”Genie in a bottle“ – houses made of PET

September 26, 2012

In many developing countries a huge number of PET bottles pollute the environment as there is no deposit system to recycle all used bottles at once. Usually they are thrown away a million times a year and it would take several hundreds of years until the polyethylene terephthalate is biologically degraded. At the same time, there is often a lack of homes and buildings which are solid and earthquake-resistant.

During a trip through South America, Andreas Froese, a carpenter from Germany who founded the company ECO-TEChttp://www.eco-tec-solutions.com/ in Honduras, took stock of this problem and developed a measure to build houses where PET bottles replaced bricks. Each bottle has to be filled with sand and dirt. Afterwards, the bottles are stacked up and fixed with mud. An old nylon thread which can be found everywhere on dumping grounds is enough to fasten this new brick.  In this way, you can build walls with windows, doors and corners. Covering the entire house with mud, painting the walls and putting a tin roof on top, completes this new PET-home.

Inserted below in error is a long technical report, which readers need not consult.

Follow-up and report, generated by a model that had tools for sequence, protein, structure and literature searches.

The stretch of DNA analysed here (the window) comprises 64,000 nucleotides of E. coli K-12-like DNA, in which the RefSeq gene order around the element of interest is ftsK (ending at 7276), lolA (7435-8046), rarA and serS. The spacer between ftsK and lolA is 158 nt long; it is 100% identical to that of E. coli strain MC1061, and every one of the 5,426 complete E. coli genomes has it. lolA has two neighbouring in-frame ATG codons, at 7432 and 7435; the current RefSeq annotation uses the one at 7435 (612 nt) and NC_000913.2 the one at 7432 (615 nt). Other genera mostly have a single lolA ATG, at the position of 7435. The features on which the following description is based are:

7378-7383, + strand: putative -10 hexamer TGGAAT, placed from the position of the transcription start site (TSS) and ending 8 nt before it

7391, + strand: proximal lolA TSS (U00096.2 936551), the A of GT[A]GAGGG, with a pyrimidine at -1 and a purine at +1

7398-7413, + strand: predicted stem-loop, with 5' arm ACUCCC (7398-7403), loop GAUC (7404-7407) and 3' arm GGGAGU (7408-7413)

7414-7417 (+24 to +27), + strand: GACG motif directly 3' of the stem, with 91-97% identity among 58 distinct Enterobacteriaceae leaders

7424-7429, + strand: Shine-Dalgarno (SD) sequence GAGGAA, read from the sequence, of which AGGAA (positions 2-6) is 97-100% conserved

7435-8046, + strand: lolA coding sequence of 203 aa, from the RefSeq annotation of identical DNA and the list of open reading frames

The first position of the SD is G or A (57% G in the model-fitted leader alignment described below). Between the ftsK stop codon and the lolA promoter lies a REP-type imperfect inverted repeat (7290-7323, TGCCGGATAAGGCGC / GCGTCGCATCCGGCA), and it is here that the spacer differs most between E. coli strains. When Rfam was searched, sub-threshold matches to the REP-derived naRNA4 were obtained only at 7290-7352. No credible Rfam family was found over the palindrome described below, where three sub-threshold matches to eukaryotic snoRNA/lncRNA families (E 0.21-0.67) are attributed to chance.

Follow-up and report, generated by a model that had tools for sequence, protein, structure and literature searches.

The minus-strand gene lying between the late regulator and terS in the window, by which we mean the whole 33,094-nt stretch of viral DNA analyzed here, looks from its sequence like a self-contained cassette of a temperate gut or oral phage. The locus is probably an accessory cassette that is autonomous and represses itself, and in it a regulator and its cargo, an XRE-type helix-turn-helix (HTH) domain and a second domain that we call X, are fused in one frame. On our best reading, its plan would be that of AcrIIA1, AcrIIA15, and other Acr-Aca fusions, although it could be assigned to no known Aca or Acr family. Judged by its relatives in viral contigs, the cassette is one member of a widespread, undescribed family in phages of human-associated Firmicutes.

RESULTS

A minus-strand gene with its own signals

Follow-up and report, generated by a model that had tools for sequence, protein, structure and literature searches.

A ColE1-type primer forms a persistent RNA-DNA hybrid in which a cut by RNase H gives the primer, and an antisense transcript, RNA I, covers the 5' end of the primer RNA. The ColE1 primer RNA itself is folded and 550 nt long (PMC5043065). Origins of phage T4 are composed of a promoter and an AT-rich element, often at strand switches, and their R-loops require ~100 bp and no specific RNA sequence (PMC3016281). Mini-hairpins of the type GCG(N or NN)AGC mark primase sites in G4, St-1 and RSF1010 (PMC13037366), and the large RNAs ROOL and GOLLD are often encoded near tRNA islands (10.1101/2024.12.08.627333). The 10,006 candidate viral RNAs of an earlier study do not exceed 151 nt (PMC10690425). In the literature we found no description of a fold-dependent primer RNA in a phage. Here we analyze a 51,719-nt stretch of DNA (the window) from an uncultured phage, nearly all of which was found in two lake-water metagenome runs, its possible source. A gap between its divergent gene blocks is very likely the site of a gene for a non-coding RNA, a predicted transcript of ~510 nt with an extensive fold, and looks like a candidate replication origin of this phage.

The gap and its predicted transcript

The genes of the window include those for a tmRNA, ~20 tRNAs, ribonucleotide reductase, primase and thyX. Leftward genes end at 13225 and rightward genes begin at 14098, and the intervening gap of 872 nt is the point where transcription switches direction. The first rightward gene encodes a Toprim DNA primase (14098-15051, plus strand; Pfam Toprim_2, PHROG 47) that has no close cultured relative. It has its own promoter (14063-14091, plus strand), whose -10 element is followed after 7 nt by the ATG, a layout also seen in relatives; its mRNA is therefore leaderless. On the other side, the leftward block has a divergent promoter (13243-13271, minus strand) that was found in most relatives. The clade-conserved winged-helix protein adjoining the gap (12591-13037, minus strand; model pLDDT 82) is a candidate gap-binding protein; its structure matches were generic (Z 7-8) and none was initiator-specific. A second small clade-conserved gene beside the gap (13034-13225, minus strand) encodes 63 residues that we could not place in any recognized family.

Since the bottle bricks are still somewhat flexible inside, the “waste construction“ is very resistant to earthquakes, storms or floods. In addition to houses, the company also developed a technology to build PET water tanks which contain between 1,600 and 24,000 litres of water. The unique construction of bottles, mud and nylon threads even works under these circumstances. ECO-TEC has also taught the inhabitants this technique so that they themselves can build further houses and tanks easily without external help.

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Caroline Weimann
Caroline Weimann

Caroline Weimann is member of the “empowering people. Award” team at the Siemens Stiftung (foundation). She studied International Law, Economics and Diplomacy at the School of Oriental and African Studies in London as well as Languages and Literature at the University of Oxford. Before joining the Siemens Stiftung, she worked on health and development issues at the European Commission and at a consultancy firm for non-profit organizations.


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